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Saturday, March 04, 2017
"The Aramaic Text in Demotic Script": original Psalm 20
Professor Richard Steiner has recently uploaded what looks to be his life work, The Aramaic Text in Demotic Script. If you read the Bible at all, you need to read this too.
What The Hell Aramaic Text in Demotic Script?!, I hear you ask - at least, I'd asked it. The uploaded text didn't have an introduction. It happens that there is not much Aramaic that was written in Egyptian Demotic, since Aramaic has an alphabet of its own and is not native to Egypt. So this "Aramaic Text in Demotic Script" means just the one text, that inscribed upon the Papyrus Amherst 63.
Even if this papyrus were a literal fifth century BC laundry list PA63 would be of interest, at least to students of Aramaic. The orthographic standard of a language in a foreign alphabet is often more phonetic to the contemporary pronunciation than it is in a fossilised alphabet from centuries ago. So PA63 shows to us (western) Aramaic's journey into classical Syriac and Palestinian Aramaic. (Less helpful for Pseudo-Daniel; since that one's author wanted you to think of older, Imperial Aramaic.)
PA63 happens to be a collection of poetry and prose. Raik Heckl thinks it was a reader in spoken Aramaic for Demotic-trained scribes. Among its poetry is found a god whose name may not be spoken: this name is inscribed with an ideogram, the Egyptian sign of Horus. When you get into the language - well, you know how some later books of the Bible, like Second Isaiah (Isaiah 40+), are in "Hebrew" but follow Aramaic sentence-structure? PA63's hymns are often Canaanite in structure, despite the Aramaic vocabulary. Its editors and commentary-people (commenters? commentators? commentarians?) go further and see a translator of Hebrew at work.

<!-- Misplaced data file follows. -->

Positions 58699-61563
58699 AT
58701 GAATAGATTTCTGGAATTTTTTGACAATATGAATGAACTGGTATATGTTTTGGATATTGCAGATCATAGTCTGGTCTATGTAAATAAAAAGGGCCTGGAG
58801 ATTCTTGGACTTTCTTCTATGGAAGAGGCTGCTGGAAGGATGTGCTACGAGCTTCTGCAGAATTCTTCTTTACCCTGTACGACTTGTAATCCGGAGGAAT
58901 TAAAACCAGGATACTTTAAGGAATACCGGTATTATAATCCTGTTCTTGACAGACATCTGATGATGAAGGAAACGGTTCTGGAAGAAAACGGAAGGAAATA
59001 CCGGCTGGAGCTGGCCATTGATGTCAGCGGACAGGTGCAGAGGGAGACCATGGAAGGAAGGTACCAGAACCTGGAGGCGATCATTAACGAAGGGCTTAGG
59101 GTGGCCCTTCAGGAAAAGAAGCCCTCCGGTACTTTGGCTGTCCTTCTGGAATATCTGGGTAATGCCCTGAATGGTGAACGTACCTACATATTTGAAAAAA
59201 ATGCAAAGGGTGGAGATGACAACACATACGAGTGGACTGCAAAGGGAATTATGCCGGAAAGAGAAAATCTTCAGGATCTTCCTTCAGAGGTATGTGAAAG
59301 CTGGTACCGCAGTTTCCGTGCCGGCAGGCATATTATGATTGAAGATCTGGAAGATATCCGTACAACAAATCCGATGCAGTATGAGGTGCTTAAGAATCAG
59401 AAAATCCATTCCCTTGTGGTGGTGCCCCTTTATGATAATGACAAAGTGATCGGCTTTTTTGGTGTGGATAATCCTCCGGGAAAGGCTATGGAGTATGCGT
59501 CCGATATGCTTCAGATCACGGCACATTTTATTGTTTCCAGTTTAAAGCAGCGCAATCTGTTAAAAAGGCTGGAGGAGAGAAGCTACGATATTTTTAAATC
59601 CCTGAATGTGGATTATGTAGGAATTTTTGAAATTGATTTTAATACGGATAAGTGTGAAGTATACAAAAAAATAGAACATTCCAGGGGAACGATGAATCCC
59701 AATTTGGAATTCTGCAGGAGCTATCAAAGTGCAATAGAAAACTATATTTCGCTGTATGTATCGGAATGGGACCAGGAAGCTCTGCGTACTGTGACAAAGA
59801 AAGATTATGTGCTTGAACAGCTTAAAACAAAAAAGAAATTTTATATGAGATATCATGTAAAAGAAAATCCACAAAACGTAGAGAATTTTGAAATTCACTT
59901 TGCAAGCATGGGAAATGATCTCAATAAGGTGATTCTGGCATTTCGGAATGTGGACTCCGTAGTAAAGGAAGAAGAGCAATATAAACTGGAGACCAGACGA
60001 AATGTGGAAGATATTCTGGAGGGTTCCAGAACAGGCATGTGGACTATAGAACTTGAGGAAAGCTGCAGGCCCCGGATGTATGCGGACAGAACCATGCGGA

Among them: the hymn over columns 11 and 12:
May Yaho answer us in our troubles (pl.),
This is another version of Psalm 20. Psalm 20 is a prayer for Divine aid, directed to the king - specifically to David, according to its header. PA63.11-12 looks like the same hymn but applying to a community without its king, translated just as far into Aramaic to make it intelligible, yet maintaining its Hebrew base so everyone knew it was "Biblical". This will be like how King James calques terms which were never good English, like "beasts of the field": all who read it know it is Semitic construct-state.
Beyond that, I see other parts where we can discern the (Hebraic) original between PA63.11-12 and the psalm. I notice both versions mention the sky. Also where the psalm mentions at the start Jacob, the papyrus mentions at the end (the) Bêt El, the House of the Canaanite High God. (I accept the translator's Aramaeoid pronunciation. And remember, in West Semitic languages there's no definite-article prefix before an idafa construction like Bêt El.)
In PA63.11-12, the Lord adorns the Moon in heaven; in Psalm 20, He has His sanctuary there. PA63.11-12's mention of the moon looks like a distraction... until it mentions the bow (and spear) of the unbelievers, so forcing a contrast against the Lord's bow in heaven (and comet?). PA63.11-12 at the end invokes "Bethel" which is the house of the Sky God. Quite literally, the bêt of El is His universe; we're just living in it.
The Biblical Psalm instead serves the Zion ritual-base ("The Cult", as the scholars put it, channelling Asimov). The Psalm's God has His sanctuary in the sky; the vault of Heaven is not His roof, but His floor. (Firmament!) The psalm's priests have their parallel sanctuary at Zion. The Psalm rids itself of the bow and spear, instead bringing chariots and horses. Just to drive the point home, the Psalm adds verse 4
I'll add to this, that the Psalms as we know them were canonised in Hellenistic Judaea. If any were translated into Greek, for instance, we have only the Judaean translations. Some of those translations, like LXX Psalm 129 (130), are even more "orthodox" than the original! We've lost all record of any attempt outside that province.
So Psalm 20 is literally an instance of Zionist tahrif. During the early Hasmonaean era I could easily see priests in Jerusalem praying this psalm in its present form. I could also see the king's foes attaching the header to inform the people they had the wrong king.
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